Angkor Wat? Skip it.

Cambodia is raw, undeveloped, wild and real. Its rural villages and the small towns it calls cities hum along undisturbed alongside its far more modern neighbors of Thailand and Vietnam. It seems odd to me that this Asian jungle country’s most famous attraction is not simply the land itself, in which three million people were recently murdered by an insane leader, but an old complex of scattered, crumbling, not so special temples.

Some people will spend three days exploring the temples of Angkor Wat, located just outside the northern town of Siem Reap. Three days. After reading about Angkor Wat, I decided if this amount of time was necessary for some people, two days would suffice for me. Then, at the last minute, I decided to downgrade to one. Because I was getting over a pretty bad spell of sickness, I ended up taking a tuk-tuk rather than cycling the grounds. The speed with which I was whipped from structure to structure allowed me to realize that half a day is completely sufficient at Angkor Wat. At nine hundred years of age, it is understandably crumbling. But the structures which remain from its heyday are really, in my opinion, not worthy of the awe inspired by its mention. I suggest if you’re going to visit Cambodia, you can give Angkor Wat a pass entirely.

The sight that comes to mind when you think Angkor Wat are the much-photographed spires of its main temple. I found that these are not very impressive in real life. If you want to see the classic view, you need to be elevated, close up and at a certain angle. No means existed for climbing up high to capture the classic Angkor Wat view in all its glory, but from inside another temple I did get a pretty good shot.

Angkor Wat as seen through the stone window of another of the temples in the complex

I temporarily found a wedding party hanging out on the temple grounds more interesting than the temples themselves. Ladies whom I assume were bridesmaids were stunning in orange.

Bridesmaids in orange at Angkor Wat, Cambodia

Since Angkor Wat is a temple and not just a tourist attraction, there are a few makeshift areas set up inside some of the buildings for Buddist worship. Unlike Muslims, Buddists don’t seem to mind being photographed while worshipping. I hope.

Two Buddhist girls worshiping at an alter in Angkor Wat

Much of the complex is currently being renovated, which actually wasn’t too distracting at all.

Ongoing renovation at Angkor Wat, outside Siem Reap in Cambodia

One very cool aspect of visiting Angkor Wat is a wooded area on the left side of the road that leads from the first to the second temple. Here, as we tuk-tuk’d past, I saw, for the first time in my life, wild monkeys! I’ve always wanted to frolic with monkeys, so on the way back from seeing each and every let-down of a building that is Angkor Wat, I stopped to play.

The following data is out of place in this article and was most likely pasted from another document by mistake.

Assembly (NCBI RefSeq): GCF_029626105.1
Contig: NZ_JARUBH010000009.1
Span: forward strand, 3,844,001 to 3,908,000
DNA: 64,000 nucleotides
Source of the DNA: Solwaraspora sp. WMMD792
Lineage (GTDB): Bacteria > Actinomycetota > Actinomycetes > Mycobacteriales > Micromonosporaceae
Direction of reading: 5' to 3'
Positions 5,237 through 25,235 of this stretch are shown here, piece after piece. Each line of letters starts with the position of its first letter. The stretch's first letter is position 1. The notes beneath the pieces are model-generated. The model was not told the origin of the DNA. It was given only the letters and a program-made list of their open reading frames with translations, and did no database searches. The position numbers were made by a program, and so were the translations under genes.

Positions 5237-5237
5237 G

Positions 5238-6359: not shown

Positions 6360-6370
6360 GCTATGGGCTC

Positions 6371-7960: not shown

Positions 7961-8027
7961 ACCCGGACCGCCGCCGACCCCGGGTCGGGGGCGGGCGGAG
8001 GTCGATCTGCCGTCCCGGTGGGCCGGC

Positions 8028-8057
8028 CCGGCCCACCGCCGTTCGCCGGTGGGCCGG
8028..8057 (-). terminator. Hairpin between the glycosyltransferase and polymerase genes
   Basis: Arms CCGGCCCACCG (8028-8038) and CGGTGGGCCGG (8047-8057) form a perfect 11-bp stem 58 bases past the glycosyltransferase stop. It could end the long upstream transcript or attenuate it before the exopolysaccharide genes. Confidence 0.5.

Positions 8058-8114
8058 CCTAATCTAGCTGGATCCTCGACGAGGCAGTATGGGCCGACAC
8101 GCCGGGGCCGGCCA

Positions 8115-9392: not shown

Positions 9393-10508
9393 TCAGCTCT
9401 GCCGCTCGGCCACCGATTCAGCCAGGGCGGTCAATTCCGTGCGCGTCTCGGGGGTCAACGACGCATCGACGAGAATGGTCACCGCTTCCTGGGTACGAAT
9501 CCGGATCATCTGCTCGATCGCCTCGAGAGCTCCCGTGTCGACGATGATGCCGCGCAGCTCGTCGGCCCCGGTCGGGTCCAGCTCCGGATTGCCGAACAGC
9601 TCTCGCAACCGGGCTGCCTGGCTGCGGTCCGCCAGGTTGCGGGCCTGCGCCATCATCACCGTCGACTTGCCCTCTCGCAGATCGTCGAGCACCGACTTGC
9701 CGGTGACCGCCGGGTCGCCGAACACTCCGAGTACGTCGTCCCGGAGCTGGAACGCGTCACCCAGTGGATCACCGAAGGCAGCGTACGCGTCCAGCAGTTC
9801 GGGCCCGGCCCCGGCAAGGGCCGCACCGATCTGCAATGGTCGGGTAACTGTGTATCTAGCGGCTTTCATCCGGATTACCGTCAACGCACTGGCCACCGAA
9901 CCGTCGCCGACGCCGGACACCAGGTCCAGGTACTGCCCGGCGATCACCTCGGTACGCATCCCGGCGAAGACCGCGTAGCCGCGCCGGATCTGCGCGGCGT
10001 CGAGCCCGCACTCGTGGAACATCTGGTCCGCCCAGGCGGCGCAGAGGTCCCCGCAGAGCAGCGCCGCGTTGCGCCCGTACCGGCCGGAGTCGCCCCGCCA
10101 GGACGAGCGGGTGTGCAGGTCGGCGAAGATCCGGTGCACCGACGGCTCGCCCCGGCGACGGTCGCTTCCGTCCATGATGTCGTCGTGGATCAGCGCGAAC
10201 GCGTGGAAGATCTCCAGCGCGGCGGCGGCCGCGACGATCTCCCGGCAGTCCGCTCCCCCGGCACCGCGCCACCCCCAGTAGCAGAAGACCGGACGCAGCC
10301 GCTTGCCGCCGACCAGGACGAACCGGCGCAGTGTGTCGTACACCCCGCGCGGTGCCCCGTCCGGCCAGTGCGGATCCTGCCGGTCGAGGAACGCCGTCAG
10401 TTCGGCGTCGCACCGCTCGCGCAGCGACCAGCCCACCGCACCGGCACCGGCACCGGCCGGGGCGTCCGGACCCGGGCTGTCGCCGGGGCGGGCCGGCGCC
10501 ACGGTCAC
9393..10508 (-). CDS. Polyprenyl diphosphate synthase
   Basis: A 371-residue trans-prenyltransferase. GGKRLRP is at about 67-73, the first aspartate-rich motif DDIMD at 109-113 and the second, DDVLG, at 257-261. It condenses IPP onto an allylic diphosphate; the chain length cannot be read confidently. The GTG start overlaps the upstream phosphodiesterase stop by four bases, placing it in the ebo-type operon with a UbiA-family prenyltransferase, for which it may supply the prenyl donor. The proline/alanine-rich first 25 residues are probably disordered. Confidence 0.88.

Little monkey staring directly into my camera at Angkor Wat

Truly, this Cambodian wonder is not worth the hype. I was actually more impressed with the Aztec ruins of Chichen Itza in Mexico. This is not to say that Angkor Wat is a total dud, though. If you’re going to exist for 900 years, you’re probably going to end up somewhat ruined. Much of the site consists of ruins, and ruins are always interesting.

Fallen stone lying at Angkor Wat

I hate to say it but my very favorite aspect of Angkor Wat was watching six small children near the exit singing a little song while using cute little rolling hand motions. Of course, their strategically placed adorableness, at the end of a long, hot journey through the templex complex, was designed to catch you at your weakest so you’d place money in their little tray in the dirt. Local logic has it that you shouldn’t give them money because it encourages them to continue begging. So of course, I didn’t, right? I’m not telling.

Six children singing and begging for money at Angkor Wat

30 Comments Post a Comment
  1. John Hunter says:

    I must say I want to go to Angkor Wat very much. Your title worried me :-( The post though just reminds me that I do want to see it.

    Those kids do look great. And that type of begging beats the hordes of people trying to sell junk to tourists. I guess you are right that encouraging them to essentially have to work is not great in some ways. On the other hand you can see plenty of rich kids on you tube singing and being taped by their parents to put on youtube…

    I’m jealous of you – even if you are not jealous of your own chance to spend a day there.
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  2. Gray says:

    I think when it comes to any famous site, whether or not you’re going to enjoy it totally depends on your personality and tastes. I think you make a good point though–it might be a good idea to be flexible, and just spend a day at Angkor Wat, and then if you really like it, have some flexibility of schedule to spend more time there, but otherwise, move on. It looks like the kind of thing I would not want to skip entirely, but how much time I spent there would be open to debate in the moment.
    Gray recently posted..Are You a Travel ProcrastinatorMy Profile

  3. Sophie says:

    I understand what you mean. Years ago, I visited the Great Zimbabwe, and like Angkor Wat, it’s mostly crumbling stones. When I was there, I had the place almost all to myself and that made it special. Easier to picture life, the people that must have been there – or passed by – in the past, when not disturbed by tons of people snapping photos and being loud.